Monday, 20 January 2014

Algorithms and Data Structures - Calculating Insertion and Deletion Time Complexity of Singly Linked Lists

Prerequisites: 
- Knowledge of C/C++
- Knowledge of Calculus/Algebra

Time Complexity and O(n)

You could consider this topic as a Computer Science/Programming topic. However, I always consider Computer Science and Programming to be two different topics rather than the same thing, even though they both share the same programming principles, such as understanding how to write code to begin with. Computer Science is more like Applied Mathematics, and is more theory based, whereas, Programming is more practical and using a language or multiple languages as tools to create real-life programs.

I've written a simple program which creates nodes within a linked list, and then walks this linked list when the user has decided they do not wish to insert any more nodes into the list. I've commented the code where necessary so it will be easier to understand. We'll then calculate the time complexity of the algorithm used to insert the nodes within the linked list.

Firstly, let's consider and investigate the concept of time complexity and what it means in terms of Computer Science. Time Complexity refers to the amount of time for a operation to complete, as a result of the input required. There are different forms of Time Complexity, and therefore different methods apply to the type of Time Complexity. For Singly Linked Lists, the Time Complexity is often regarded as Constant Time Complexity.

Constant Time Complexity or simply Constant Time, isn't affected by the size of the input, or the number of elements. For example, if we had a sorted linked list or array, it would only take one operation to find the element within the array. Although, the same can still apply, if the number of elements within the linked list was unsorted, but the number of elements within the linked list is known within advance. To simply, the number of elements within the linked list, does not affect the complexity of the insertions or deletions within the linked list. The Big O Notation for calculating constant time within a linked list is O(1). On the other hand, the Big O Notation for  walking the list, is given by the O(n), which implies that the complexity for walking the list, increases with direct proportion to the number of elements within the linked list.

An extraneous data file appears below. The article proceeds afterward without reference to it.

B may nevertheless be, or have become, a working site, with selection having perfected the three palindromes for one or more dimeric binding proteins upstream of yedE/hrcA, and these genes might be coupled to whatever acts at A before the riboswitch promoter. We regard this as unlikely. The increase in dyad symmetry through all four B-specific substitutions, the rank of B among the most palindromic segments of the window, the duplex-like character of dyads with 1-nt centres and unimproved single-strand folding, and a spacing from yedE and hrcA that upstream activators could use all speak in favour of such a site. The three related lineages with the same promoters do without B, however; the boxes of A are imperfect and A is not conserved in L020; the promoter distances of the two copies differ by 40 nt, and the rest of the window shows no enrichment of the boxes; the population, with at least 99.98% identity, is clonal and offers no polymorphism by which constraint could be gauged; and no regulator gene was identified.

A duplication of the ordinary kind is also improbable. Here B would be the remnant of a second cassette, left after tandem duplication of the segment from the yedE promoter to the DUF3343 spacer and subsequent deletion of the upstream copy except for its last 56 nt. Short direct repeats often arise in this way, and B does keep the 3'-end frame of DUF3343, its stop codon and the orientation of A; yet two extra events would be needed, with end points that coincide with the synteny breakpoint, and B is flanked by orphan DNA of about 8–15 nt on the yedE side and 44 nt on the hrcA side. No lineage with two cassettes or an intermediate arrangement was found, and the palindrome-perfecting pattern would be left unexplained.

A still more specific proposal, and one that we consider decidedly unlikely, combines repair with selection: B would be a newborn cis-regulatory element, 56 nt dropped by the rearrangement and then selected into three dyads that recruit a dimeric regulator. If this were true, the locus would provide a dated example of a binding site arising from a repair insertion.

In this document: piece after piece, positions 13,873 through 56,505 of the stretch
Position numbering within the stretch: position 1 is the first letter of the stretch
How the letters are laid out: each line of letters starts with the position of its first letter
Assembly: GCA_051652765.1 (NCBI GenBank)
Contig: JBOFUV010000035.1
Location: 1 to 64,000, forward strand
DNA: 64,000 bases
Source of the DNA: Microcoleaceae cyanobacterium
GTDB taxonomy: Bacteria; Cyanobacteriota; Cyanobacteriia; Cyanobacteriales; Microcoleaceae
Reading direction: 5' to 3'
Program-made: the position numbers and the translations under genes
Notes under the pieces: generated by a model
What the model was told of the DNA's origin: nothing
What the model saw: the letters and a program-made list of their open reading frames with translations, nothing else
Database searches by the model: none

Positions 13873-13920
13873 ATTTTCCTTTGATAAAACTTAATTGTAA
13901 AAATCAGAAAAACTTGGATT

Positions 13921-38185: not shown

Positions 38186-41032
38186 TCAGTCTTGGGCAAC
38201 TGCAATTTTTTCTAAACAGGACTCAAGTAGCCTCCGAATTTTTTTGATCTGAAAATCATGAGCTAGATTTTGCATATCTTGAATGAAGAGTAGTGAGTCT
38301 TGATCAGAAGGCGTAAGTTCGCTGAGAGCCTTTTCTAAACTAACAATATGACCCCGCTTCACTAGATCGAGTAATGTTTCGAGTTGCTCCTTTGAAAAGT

The Big-O Complexity Interactive Graph supports this point.

Singly Linked List Code (C++)

Figure 1 - Node Structure
Let's examine this simple node structure. The structure has two members: node_data and next_node. The node_data is of a integer type, and represents any data stored within each node. The next_node is a pointer with a type of node (structure), this is used to point to the next node within the singly linked list.

Remember that linked lists start with a list head, which is essentially the beginning of the linked list.
Figure 2 - create_node() Function

The function will keep creating new nodes as long as the user wants to. The node_data can be defined by the user.


Figure 3 - create_node() Function
Once, the user has created all the desired nodes within the linked list, the walk_list function will be called.


References

Big O Notation
Time Complexity
Complexity Theory - Definitions of an algorithm running in polynomial time and strongly polynomial time
A Beginner's Guide to Big O Notation
How To Create a Linked List Using C/C++

1 comment:

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